Written by Beulah | 12th September 2019
As Modern Art buyers are moving online, traditional auction houses are having to come up with new, inventive ways to attract millennial and gen Z buyers, while artists are increasingly opting to sell their own work. And Street Art is changing the very nature of how we think about form and ownership. With all of these changes and more to come, we’ve asked Modern Art experts Cécilia Chol, Blanca Marsal and Anita Helmy to take us through the trends currently shaking up the Modern Art market.
Cécilia Chol is a Modern Art expert who spent three years working at the prestigious Artcurial auction house in Paris. The move from Artcurial to a purely online auction site like Catawiki has given her a unique insight into the way the internet is changing art auctions. “The traditional [Modern Art} market regularly suffers from a lack of supply and seems to have reached its structural limits,” Cécilia explains. “Classic auction houses are struggling to maintain their margins as they are obliged to propose more retrospective commissions in order to have top pieces.”
This is one reason for the surge in online auctions, says Cécilia “The Modern Art market is having to move towards an online-only way of selling. While there are numerous online auction aggregators, a few European auction houses have already developed their own online-only auction platforms. The trend is massive. The purpose is to fill the vacuum that inevitably emerges when numerous objects can no longer be offered in the auction room because of the logistics required and the high costs of catalogs, alongside the changing requirements of a new generation of buyers and sellers.”
An obvious result of this shift has been the move towards Exclusive Online Previews. Traditionally, art auction houses would offer certain select buyers a chance to preview artwork prior to an auction. Today, you are just as likely to receive an email invitation to a private auction website. At Catawiki, we’ve been running Exclusive auction previews for the last year in our Modern Art, Photography and Classical Art categories. While the benefit to buyers and browsers is clear (for instance, chance to size up top lots before committing to a bid), the benefits to the business are still being explored.
A little boy photographs Street Art in New York
Artificial Intelligence artworks (artwork created by computers) are also shaking up the way we collect and engage with Modern Art. This trend is partly propelled by the emergence of Street Art as a serious player in the contemporary art world. Not only are we having to readjust our definitions of Street Art as it moves from the streets into traditional galleries (a topic touched upon in this interview with Street Art expert Ard Doko), we are also facing bigger questions about form and ownership.
“Over the next decade prints will become more and more important as Street Art increases its share of the market and A.I. paintings grow in popularity,” Cécilia explains. “This will shift the culture so that we will no longer go to auction exhibitions. Instead we will browse online and exhibitions will become multi-model with defined programs. Ultimately, this will mean moving away from simple, unguided exhibits and auctioneers will do more to curate collectors’ experience.”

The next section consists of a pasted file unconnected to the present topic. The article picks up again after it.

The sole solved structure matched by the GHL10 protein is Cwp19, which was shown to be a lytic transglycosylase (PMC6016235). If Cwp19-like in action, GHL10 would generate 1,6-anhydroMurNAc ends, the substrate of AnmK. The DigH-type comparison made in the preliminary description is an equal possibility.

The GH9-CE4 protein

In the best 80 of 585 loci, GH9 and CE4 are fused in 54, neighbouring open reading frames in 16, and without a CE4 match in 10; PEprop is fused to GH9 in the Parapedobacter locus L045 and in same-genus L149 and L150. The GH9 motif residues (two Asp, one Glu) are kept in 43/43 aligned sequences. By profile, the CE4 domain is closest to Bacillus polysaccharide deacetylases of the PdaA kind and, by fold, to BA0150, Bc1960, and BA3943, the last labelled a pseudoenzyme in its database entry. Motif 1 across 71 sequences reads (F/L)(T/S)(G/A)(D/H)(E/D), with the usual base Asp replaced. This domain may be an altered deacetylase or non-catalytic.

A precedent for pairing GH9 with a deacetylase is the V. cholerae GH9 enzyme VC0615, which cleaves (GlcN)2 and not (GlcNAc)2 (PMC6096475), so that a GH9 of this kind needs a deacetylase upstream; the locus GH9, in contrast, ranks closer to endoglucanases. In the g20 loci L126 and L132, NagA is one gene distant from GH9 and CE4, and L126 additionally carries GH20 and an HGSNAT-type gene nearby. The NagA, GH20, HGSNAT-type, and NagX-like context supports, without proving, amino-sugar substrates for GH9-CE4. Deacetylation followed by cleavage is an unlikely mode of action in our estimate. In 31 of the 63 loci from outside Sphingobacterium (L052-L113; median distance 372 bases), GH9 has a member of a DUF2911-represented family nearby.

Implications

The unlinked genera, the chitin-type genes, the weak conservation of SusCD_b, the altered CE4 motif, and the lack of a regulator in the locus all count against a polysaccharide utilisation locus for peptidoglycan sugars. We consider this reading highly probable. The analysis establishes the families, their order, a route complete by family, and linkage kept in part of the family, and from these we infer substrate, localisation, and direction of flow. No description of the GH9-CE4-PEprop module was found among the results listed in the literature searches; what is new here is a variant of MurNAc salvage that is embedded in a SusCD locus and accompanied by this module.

Blanca Marsal is intrigued by the ways in which millennial and gen Z collectors have transformed traditional art markets. “The disruption to the art market has been going on for a while,” she explains. “This was somewhat unthinkable a decade ago. The market has been fully globalised. Art was always seen as secretive and private, whereas now it is much more accessible to all incomes and ages.”
A recent report on trends in the Modern Art market backs up Blanca’s analysis. The report found that 23% of millennial art collectors bought their first piece of art online and 29% of collectors prefer buying art online to buying in a physical space, such as a gallery or at an art fair. Auction houses are having to change and adapt to the requirements of new generations.
Cécilia elaborates: “For millennials, these recent technologies create new ways to both experience and buy art. As a result, new business models continue to emerge like aggregators, online platforms, etc. Furthermore, art auctions, fairs, and museums are creating programs and events targeted specifically toward young collectors.”
The way we create, sell and buy art is moving online
The makeup of the people who sell art is also changing. As Blanca points out: “[Art experts] are now seeing increasing amounts of self-represented young artists that promote their work through social media. Diversity in sellers has led to a clear trend for female artists and people of colour that was long overdue. Even classic art museums are catching up to this trend, such as the Prado showcasing two female artists from the 16th-century.”
As an artist herself, Modern Art expert Anita Helmy has a clear overview of both sides of this relationship, including the benefits artists are starting to reap. “We have many artists who prefer to sell their own work online. This allows them to have more control of the way their work is valued and promoted than they would have with a traditional gallery. One example is Andrea Giorgi. He started selling open editions or large editions. [Catawiki] communicated that it was better to lower the edition, and make it more special. Now he has Single Seller Auctions every year, with only limited editions."
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